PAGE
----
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Historically Informed Creativity — subcategory to HIP

I‘d like to introduce a subcategory to Historically Informed Perfomance Practice (HIP): Historically Informed Creativity (HIC).

Detail from S. Ganassi’s Opera Intitulata Fontegara (1535) — the first known treatise on diminution.

The creative aspects for musicians from the early music epochs (Middle ages, Renaissance, Baroque) included improvising, diminuting, ornamenting, arranging and composing. Studying the mentioned parts of music making from the original treatises, and thus obtaining knowledge on style, harmony– and counterpoint rules and respecting them, allows the early musician to create himself, but without abandoning HIP and without entering the world of music fusion.

The active creative part of early music deserves a specific name, as it is a specific subject, and a growing part of the early-music-world-habits.

A few examples of HIC:

Orí Harmelin

Alla Bastarda
Karel van Steenhoven

Christoph Ehrsam
& Attilio Cremonesi (min 12:30)

Elam Rotem — Profeti della Quinta

Vicente Parrilla & Miguel Rincón

Musick’s Recreation

Vox Tremula

5 comments Write a comment

  1. Hello, I like the idea. We have explored a related idea in the following article:
    Vervliet S. & Van Looy B. (2010) Bach’s chorus revisited: Historically informed performance practices as ‘bounded creativity’. Early Music, 38, 2, 205-215.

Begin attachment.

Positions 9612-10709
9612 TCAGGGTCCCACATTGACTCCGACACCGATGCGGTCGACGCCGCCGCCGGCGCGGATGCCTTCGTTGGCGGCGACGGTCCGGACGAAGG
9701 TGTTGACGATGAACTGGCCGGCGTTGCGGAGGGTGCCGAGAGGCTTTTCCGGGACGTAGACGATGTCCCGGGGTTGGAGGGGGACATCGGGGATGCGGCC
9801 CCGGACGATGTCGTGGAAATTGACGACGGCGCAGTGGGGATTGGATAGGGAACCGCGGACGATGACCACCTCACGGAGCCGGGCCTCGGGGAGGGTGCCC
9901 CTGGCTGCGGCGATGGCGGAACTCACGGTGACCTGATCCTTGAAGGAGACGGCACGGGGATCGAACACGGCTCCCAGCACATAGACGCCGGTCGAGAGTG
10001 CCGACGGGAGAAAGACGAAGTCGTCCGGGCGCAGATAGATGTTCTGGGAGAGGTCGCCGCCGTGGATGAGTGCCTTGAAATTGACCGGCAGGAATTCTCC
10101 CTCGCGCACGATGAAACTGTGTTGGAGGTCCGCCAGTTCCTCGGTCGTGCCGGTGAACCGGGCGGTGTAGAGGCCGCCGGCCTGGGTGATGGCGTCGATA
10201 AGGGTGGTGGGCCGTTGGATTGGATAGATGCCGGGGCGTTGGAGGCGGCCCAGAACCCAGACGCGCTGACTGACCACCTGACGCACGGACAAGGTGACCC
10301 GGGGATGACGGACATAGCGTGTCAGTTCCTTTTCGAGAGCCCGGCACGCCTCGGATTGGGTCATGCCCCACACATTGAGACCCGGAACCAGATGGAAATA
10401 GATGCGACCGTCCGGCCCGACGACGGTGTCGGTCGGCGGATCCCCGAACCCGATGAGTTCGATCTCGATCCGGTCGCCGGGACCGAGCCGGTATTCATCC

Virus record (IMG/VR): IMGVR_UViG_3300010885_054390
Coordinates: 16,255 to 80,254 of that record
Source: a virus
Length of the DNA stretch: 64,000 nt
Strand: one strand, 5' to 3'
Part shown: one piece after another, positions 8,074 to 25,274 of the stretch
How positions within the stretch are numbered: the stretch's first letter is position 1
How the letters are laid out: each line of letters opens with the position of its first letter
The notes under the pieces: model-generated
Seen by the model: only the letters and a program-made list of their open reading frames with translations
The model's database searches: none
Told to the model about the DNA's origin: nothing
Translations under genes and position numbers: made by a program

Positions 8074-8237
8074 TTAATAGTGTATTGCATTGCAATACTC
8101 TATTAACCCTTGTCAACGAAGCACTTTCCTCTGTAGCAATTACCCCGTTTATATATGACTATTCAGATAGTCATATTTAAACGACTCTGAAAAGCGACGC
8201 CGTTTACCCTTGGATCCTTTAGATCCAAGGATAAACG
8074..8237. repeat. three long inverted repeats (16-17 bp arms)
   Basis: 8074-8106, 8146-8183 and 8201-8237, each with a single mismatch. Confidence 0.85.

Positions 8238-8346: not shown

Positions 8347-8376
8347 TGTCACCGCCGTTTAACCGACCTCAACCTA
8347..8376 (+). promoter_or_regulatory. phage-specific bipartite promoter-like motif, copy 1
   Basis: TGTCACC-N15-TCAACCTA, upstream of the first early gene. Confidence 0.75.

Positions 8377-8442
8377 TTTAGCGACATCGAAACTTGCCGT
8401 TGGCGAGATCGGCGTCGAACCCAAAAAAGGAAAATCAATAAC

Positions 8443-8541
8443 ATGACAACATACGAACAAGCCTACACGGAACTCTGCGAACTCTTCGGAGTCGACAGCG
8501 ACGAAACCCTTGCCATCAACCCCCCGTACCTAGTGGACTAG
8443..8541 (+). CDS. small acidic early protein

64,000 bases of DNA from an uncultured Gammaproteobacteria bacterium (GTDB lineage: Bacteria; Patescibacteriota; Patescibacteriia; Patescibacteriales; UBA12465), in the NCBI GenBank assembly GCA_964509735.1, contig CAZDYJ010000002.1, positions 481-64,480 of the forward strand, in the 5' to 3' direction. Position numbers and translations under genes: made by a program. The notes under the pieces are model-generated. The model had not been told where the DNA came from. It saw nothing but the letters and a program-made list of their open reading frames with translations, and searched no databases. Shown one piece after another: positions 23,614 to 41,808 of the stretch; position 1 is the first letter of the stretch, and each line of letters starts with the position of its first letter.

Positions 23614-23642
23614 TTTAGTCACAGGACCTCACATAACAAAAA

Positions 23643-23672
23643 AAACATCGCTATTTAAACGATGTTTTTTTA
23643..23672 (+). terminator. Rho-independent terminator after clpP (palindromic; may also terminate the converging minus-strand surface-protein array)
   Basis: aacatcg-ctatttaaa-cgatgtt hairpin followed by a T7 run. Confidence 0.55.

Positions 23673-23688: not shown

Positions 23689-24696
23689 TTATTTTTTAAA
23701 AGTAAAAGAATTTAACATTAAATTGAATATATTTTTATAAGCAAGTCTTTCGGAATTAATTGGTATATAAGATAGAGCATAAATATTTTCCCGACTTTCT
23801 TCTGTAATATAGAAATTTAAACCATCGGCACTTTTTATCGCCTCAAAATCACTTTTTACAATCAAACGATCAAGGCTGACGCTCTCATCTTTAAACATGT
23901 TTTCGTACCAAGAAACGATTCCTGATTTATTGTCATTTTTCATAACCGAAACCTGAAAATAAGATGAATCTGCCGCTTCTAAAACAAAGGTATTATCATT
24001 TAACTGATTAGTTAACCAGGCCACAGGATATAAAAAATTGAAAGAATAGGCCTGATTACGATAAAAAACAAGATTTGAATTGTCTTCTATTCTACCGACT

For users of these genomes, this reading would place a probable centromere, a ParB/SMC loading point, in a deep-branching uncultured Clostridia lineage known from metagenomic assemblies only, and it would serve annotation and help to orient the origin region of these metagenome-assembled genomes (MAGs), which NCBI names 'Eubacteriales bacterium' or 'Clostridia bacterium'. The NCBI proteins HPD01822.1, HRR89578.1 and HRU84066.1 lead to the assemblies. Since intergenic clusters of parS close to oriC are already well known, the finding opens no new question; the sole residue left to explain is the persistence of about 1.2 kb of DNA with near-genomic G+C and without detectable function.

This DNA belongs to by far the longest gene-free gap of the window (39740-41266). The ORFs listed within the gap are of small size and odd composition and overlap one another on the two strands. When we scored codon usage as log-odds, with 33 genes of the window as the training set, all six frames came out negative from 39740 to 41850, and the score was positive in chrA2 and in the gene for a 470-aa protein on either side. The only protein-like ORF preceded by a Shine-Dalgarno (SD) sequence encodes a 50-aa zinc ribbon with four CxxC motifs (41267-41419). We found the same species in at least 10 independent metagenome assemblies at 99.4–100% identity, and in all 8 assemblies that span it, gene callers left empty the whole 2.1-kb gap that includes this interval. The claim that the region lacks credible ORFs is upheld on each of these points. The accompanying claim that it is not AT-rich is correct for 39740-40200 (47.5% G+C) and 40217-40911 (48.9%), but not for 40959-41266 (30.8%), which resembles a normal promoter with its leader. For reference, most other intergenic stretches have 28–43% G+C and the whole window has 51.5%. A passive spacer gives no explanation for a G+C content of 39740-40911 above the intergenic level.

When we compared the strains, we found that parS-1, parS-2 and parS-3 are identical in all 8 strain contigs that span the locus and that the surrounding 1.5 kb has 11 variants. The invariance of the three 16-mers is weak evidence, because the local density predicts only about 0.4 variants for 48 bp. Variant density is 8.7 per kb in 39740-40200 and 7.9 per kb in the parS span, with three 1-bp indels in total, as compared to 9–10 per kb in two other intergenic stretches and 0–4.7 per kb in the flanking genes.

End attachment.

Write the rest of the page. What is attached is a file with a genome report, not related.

Best wishes,

  2. Yes! I completely agree with you on this! My final project for my master’s degree (in music education) was about the need to teach students the creative aspects of making music. I believe we really need to go beyond only teaching our students how to simply recreate the compositions of others.

    By the way, I’d really like to play your variations on The Beggar Boy sometime soon (once I’ve saved up enough to buy a nice renaissance recorder consort…almost there!); it’s a great arrangement!

    Also, I’m beginning to plan a joint jazz and early music concert/lecture with a local jazz group and the early music group I play with here in El Paso in order to demonstrate the common ground both types of music share in terms of fostering creativity through improvisation, ornamentation, arranging, and so on (and hopefully help build a bigger audience for early music here as well). Perhaps you can get in touch with some local jazz musicians where you’re at so you can do likewise. Just a suggestion 🙂

    Finally, the early music ensemble here at the University of Texas at El Paso is having its spring concert next week in a bar; truly a victory for early music!

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